Columbia Icon Jacques Barzun Dies After Extraordinary Life of Intellectual Leadership
The Columbia University community mourns the loss of Jacques Barzun, who died yesterday in San Antonio, Texas, at the age of 104.
Whether he is considered as a scholar, teacher, author, academic role model, public intellectual or Columbia University administrator, Professor Barzun had precious few peers.
“No person has represented our University’s greatness as a center of intellectual creativity better than Jacques Barzun,” said President Lee C. Bollinger. “He has shown what it means to bring the breadth of human knowledge to bear on understanding the human condition and improving it. His role in Columbia’s history is permanent.”
“One of Columbia's most magisterial figures, Jacques Barzun made the case for the importance of deep engagement with the history and contemporary significance of the fundamental questions of civilization and society,” said Nicholas B. Dirks, executive vice president for the Arts and Sciences and dean of the faculty. “Through his life-long work as scholar, administrator, citizen, and most of all teacher, he will always remind us of the centrality of the University for the things we hold most dear.”
Jacques Barzun graduated as a history major and class valedictorian from Columbia College in 1927 at age 19. As an undergraduate, he served as a drama critic of the Spectator, editor of the literary magazine Varsity, and president of the Philolexian Society. Immediately upon graduation, he was appointed an instructor in the history department and in 1932 earned his Ph.D. with a thesis on Montesquieu, the French enlightenment philosopher, in which he attacked the popular notion of “the French race.”
He became a full professor in 1945, Seth Low Professor of History in 1960, and in 1967 was appointed University Professor. Among his many important administrative contributions to Columbia, he served as dean of Graduate Faculties and as provost of the University. He came to be so closely associated with Columbia that he redesigned the University’s academic robes.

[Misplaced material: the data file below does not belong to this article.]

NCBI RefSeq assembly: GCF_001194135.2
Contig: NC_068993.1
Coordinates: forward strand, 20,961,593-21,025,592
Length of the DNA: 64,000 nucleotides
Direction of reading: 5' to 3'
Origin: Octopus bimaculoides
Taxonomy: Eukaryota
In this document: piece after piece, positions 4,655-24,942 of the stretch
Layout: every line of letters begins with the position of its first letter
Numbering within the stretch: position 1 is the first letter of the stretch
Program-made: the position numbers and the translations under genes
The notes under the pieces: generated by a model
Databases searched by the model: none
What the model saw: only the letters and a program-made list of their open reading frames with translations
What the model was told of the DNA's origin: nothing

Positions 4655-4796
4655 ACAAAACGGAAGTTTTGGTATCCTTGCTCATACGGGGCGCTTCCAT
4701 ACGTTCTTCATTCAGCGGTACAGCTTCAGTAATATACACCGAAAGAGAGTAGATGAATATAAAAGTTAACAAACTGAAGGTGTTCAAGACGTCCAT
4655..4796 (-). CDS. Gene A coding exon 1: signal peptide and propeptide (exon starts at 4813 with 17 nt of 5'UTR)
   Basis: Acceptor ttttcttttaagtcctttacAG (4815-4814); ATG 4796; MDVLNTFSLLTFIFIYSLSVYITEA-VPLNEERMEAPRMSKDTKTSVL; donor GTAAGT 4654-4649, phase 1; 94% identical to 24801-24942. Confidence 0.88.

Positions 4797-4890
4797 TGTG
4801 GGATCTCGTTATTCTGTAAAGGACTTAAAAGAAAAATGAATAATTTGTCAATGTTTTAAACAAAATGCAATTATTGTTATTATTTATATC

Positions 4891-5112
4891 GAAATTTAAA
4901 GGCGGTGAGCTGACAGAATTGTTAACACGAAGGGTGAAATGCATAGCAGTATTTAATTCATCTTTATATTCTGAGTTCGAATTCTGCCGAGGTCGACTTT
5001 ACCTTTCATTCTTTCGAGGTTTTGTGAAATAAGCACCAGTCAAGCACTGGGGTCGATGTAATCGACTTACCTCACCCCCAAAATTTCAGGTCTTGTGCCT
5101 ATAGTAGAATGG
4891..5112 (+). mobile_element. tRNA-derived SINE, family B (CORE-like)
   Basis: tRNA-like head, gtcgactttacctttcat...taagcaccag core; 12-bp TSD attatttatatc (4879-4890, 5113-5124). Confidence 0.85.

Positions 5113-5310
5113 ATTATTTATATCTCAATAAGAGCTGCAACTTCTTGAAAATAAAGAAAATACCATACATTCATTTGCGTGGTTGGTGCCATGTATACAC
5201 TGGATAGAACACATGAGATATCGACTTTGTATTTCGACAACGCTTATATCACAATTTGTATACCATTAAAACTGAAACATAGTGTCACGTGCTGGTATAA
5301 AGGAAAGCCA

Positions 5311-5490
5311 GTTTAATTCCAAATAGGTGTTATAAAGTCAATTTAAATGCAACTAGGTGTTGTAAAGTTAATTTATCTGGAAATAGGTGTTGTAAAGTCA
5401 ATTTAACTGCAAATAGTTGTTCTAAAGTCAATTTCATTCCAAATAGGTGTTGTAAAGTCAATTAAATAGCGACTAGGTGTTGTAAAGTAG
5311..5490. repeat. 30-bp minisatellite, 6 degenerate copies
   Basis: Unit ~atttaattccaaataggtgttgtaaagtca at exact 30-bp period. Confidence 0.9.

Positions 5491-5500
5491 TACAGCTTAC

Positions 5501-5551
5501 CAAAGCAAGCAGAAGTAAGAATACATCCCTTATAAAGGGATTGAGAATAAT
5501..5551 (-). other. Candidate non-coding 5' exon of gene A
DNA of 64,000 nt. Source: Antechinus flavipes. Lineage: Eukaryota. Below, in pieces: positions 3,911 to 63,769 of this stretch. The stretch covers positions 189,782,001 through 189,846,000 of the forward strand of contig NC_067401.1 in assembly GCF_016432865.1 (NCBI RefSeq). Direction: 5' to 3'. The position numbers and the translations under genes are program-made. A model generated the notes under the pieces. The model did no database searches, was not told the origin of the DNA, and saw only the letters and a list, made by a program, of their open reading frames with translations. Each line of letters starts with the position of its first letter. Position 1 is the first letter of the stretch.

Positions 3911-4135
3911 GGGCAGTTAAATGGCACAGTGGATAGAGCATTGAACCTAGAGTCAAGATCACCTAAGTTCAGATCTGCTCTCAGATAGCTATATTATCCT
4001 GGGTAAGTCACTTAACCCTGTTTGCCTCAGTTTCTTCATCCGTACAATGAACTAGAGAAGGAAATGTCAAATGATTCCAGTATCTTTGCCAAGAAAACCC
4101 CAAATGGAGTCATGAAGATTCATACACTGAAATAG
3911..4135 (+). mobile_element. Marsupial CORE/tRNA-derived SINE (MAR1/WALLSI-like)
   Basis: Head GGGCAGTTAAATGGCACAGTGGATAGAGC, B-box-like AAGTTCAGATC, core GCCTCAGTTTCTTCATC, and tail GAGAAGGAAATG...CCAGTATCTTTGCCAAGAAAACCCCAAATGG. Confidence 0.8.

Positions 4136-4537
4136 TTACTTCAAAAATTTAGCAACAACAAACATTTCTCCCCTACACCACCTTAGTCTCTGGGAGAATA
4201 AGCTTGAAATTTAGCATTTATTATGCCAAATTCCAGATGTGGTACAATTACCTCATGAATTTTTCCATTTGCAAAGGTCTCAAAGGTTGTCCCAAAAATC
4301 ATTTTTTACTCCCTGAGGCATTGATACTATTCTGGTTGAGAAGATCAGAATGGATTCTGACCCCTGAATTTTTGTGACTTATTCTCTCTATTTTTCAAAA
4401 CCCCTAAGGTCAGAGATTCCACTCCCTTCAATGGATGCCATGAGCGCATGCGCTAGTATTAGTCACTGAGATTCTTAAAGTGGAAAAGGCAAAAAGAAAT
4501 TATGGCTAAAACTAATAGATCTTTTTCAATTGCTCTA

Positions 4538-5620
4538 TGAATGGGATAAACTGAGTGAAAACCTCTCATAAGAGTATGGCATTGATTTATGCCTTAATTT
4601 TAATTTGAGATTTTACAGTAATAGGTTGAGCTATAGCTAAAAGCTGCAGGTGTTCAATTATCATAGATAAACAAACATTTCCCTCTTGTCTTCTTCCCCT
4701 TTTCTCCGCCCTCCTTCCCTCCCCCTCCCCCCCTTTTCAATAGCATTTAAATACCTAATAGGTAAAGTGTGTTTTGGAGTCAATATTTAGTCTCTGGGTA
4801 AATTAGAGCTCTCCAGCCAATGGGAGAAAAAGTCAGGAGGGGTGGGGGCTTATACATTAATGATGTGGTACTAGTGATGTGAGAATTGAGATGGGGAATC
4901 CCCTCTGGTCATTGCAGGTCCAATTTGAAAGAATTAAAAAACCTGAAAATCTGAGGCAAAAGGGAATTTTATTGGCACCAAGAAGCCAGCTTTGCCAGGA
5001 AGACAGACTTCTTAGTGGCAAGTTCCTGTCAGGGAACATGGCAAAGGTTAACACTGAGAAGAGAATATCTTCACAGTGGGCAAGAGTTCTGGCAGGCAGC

At age 92, Professor Barzun published From Dawn to Decadence: 500 Years of Western Cultural Life, an encyclopedic work that ably refutes the notion of intellectual decline in old age. Professor Barzun was awarded the Presidential Medal of Freedom by President Bush in 2003, and last year President Obama honored him with the National Humanities Medal.
Of his many contributions to scholarship and teaching at Columbia, Professor Barzun is perhaps best remembered for his early role in the creation of what we know today as the Core Curriculum. He was an instructor in Contemporary Civilizations from the start of his career, and in 1932 was a driving force in the creation of the Colloquium on Important Books. He later helped establish Humanities A and taught the course regularly.
“Jacques Barzun was an intellectual giant of the twentieth century,” said Kenneth T. Jackson, the Jacques Barzun Professor of History. “Few scholars have had the breadth and depth of his knowledge, which ranged from classical music to detective fiction to history to baseball.
He lived long enough to see French soldiers march off to Verdun in World War I and American soldiers return home from the Iraq War. No one, including myself, who holds the Barzun chair, could dream of matching his erudition and productivity.”